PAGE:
Pseudomonas aeruginosa is a significant human pathogen. Pathogenicity of P. aeruginosa resides in its high versatility and the intrinsically high antibiotic resistance. Only a handful of antibiotics are effective against P. aeruginosa, and the emergence of drug resistant strains renders this bacterium virtually immune to existing antibiotics. The Center investigates cell biology of P. aeruginosa seeking to understand mechanisms that underlie its pathogenicity and looking for novel ways to control it. The Center focuses on three aspects of P. aeruginosa physiology.
Chromosome structure and segregation
Chromosome plays a central role in the life of all living cells. In P. aeruginosa, correct folding of the chromosome is essential for the robust response to diverse environmental challenges. Rybenkov group studies organization and segregation of P. aeruginosa chromosome with an emphasis on condensins.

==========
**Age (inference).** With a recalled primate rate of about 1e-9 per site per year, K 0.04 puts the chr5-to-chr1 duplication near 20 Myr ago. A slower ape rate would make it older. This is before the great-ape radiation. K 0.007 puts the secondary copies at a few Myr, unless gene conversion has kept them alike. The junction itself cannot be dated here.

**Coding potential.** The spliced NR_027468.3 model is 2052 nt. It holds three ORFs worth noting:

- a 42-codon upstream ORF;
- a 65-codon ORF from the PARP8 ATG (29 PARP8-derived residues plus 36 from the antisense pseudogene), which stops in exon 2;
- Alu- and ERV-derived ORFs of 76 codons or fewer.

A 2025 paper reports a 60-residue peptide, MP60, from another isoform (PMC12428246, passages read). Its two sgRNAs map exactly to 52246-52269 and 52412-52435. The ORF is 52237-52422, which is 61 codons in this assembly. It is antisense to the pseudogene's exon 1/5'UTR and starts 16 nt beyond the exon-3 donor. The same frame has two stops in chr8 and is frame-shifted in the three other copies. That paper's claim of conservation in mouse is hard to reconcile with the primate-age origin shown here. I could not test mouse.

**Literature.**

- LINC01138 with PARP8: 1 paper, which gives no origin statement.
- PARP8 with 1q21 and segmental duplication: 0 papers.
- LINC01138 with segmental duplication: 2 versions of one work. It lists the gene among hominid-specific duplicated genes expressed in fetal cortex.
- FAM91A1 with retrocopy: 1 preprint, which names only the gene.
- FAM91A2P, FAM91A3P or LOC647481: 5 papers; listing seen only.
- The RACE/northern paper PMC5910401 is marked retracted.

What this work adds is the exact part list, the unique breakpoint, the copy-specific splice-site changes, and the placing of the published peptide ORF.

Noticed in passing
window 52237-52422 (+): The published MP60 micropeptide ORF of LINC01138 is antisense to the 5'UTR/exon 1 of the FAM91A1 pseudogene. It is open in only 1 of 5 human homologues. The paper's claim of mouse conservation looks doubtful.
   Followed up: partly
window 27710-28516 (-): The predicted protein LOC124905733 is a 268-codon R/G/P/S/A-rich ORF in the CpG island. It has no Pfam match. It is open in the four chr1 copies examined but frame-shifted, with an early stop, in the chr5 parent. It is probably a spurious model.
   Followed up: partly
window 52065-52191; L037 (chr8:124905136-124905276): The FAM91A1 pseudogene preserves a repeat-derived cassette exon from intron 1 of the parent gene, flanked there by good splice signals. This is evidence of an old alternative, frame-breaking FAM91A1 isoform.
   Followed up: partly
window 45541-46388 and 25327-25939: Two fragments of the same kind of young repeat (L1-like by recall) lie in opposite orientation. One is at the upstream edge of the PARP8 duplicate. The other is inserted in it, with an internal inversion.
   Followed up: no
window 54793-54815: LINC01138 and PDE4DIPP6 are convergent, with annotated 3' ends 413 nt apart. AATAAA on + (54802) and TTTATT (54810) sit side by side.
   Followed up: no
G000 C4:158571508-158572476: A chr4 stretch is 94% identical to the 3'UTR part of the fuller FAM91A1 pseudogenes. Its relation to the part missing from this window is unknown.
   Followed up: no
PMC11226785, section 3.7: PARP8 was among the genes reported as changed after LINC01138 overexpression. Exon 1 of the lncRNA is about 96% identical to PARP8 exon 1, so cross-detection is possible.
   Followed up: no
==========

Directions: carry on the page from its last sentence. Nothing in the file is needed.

Condensins play a unique role in chromosome folding. These multisubunit cellular ATPases act as macromolecular clamps that bridge distant DNA segments and have an intrinsic ability to self-organize into the chromosome scaffold. Condensins are also involved in other aspects of cell physiology. In P. aeruginosa, they mediate the global layout and segregation of the chromosome, control gene expression and are integrated into adaptive behavior of the bacterium.